It is a sad commentary on the times when the nation’s police forces, which must rely on the public’s trust to be effective, find themselves under a cloud of suspicion over repeated incidents of questionable, even criminal, behavior by their members. Yet that is the situation confronting Japan’s law-enforcement officials, as scandals involving illegal acts by police officers seem to erupt day after day. No wonder the National Police Agency is belatedly seeking to calm the mounting public uproar by proposing the first changes in the Police Law since it came into force in 1954.
The NPA says the revision bill it has drafted would go far to end the rash of scandals by requiring prefectural public-safety commissions to investigate suspected illegal acts by local police officers. The bill, to be submitted to the next regular session of the Diet in January, also seeks to limit the number of times that national and prefectural public-safety commission members can be reappointed. It is doubtless true, as the NPA says, that commission members risk losing their presumed objectivity concerning the police if they remain in their posts for extended periods. It is equally true, however, that commission members should be rigorously selected from the start and that the posts should not be postretirement sinecures.
The proposed revision comes in the wake of a series of major scandals stemming from repeated cases of improper behavior, and subsequent official coverups, involving the Kanagawa Prefectural Police. The NPA announced its plans only days after prosecutors indicted a former chief of the Kanagawa police and four other senior officers there for concealing the admitted habitual use of stimulant drugs by one of their fellow officers. The coverup dates back to 1996, when the officer who confessed to the drug use was instead dismissed for conducting an extramarital affair. He and his former girlfriend were indicted last month for suspected possession and use of amphetamines.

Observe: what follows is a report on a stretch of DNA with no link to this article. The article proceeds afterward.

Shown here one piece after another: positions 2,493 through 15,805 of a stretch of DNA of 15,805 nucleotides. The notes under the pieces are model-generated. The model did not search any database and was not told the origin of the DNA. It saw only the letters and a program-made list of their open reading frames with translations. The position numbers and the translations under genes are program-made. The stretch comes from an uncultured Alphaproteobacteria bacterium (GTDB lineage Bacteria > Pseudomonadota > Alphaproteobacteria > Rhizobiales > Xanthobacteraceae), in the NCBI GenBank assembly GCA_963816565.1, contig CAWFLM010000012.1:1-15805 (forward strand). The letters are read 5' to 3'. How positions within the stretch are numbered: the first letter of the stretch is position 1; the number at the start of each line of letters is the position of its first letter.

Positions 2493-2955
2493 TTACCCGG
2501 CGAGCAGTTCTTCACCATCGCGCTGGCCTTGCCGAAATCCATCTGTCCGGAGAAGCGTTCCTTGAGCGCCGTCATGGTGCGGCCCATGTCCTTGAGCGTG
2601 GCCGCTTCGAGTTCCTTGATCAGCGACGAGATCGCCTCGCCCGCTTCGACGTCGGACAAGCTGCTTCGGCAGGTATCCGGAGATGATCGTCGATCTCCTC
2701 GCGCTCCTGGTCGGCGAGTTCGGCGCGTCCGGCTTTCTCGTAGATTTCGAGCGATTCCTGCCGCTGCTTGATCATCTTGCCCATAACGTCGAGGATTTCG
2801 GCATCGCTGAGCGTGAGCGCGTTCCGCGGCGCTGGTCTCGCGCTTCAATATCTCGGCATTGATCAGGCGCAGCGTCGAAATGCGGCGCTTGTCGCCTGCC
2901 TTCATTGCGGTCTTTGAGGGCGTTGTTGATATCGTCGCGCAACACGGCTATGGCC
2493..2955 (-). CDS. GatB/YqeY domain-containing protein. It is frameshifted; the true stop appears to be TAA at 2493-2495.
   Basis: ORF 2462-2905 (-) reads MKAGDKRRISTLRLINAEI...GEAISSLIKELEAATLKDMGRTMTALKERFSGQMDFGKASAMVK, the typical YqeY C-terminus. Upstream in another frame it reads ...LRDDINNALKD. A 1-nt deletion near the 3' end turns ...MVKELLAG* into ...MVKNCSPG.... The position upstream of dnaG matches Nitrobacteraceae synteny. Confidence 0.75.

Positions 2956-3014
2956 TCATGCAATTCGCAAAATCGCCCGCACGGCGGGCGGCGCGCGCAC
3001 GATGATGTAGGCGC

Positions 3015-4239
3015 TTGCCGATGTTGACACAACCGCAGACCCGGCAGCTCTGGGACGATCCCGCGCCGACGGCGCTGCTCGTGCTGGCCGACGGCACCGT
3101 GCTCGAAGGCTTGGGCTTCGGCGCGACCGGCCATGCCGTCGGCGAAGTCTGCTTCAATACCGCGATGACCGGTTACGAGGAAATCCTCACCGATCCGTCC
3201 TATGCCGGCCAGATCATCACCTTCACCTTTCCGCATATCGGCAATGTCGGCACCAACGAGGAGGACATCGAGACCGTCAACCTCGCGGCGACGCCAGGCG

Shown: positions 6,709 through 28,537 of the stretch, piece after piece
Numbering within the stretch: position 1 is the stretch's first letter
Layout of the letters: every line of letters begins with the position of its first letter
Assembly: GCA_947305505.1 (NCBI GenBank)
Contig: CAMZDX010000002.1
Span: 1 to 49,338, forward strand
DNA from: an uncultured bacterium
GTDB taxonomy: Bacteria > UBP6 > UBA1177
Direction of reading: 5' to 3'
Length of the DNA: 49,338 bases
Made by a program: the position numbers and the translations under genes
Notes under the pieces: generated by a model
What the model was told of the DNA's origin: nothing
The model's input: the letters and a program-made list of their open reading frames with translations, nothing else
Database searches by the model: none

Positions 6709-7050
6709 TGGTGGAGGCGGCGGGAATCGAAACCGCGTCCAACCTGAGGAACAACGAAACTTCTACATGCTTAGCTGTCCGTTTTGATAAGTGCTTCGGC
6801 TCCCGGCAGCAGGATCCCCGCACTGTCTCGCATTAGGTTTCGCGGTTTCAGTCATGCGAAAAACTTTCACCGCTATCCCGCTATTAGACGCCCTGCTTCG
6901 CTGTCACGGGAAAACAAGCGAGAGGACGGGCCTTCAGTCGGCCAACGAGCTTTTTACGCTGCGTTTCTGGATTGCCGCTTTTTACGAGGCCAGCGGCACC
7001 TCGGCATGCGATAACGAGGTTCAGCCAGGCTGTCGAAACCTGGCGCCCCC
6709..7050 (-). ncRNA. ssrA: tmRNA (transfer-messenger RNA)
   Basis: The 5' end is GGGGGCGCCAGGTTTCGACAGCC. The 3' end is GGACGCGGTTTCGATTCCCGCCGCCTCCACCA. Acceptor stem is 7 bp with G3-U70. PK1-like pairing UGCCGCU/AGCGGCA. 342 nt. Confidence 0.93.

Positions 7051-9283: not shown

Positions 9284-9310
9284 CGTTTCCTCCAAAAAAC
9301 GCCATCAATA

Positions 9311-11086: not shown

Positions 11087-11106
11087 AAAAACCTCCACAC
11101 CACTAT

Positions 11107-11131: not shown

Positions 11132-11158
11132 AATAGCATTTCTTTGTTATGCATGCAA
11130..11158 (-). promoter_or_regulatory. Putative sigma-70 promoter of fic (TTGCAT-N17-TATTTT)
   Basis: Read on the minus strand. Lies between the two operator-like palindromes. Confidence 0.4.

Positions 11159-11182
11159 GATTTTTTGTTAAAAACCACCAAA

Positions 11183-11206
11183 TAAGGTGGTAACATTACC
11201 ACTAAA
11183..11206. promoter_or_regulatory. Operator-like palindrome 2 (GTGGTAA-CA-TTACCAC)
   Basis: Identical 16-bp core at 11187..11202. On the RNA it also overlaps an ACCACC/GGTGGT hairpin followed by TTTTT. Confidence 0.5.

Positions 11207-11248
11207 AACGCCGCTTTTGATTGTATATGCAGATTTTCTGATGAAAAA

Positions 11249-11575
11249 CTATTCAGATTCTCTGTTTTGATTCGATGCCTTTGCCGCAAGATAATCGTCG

The drug case alone would be bad enough at a time when the use of illegal stimulants is a rapidly growing social problem in Japan. The willfully irresponsible handling of this incident, and the subsequent publicity spotlight thrown on it, cannot help but dilute the NPA’s highly publicized campaign to discourage stimulant drug use, especially by impressionable youths. But, as the media have had a field day in disclosing, incidents of questionable or illegal behavior by members of the Kanagawa Prefectural Police have been wide-ranging, including hit-and-run incidents and the falsifying of accident reports. They have continued even as apologies were issued and vows to rectify the situation were forthcoming.
No incident says more about the breakdown in discipline in the Kanagawa police ranks than the sadistic hazing of new recruits by a former sergeant in charge of a patrol unit based at Atsugi Police Station in the prefecture. His behavior, all of which he admitted in a hearing at the Yokohama District Court earlier this month, included pointing a loaded pistol at the head of one recruit, punching others in the face and stomach and ordering subordinates to burn the body hair of others, while warning his victims not to divulge the reason for their injuries. That the case is not an isolated rarity is indicated by the indictment of another member of the patrol for shocking handcuffed subordinates with an electric massage device.
On the same day that the NPA announced its proposed changes in the Police Law, it began a two-day special inspection of the Kanagawa police force as part of a nationwide drive to prevent the recurrence of such incidents. A similar inspection was planned for Kyoto, where 23 prefectural police officers, including the chief, have been disciplined over the alleged theft by an officer of confiscated illegal drugs. The inspections were planned to check in detail on systems in place for reporting to prefectural public-safety commissions and on specific steps being taken to end improper behavior.
Experts are divided over the need for changes in the law. However, limiting the number of times public-safety commissioners can be reappointed is a good idea. So is the police agency’s plan to raise the minimum age for career officers assigned as prefectural police section chiefs, to reduce the frequent past friction between the section chiefs and locally hired “noncareer” officers, who often have more direct work experience. But what is needed above all is proper training to minimize police arrogance toward the public and to instill the pride that accompanies genuine discipline. Without both, no police force can function successfully.
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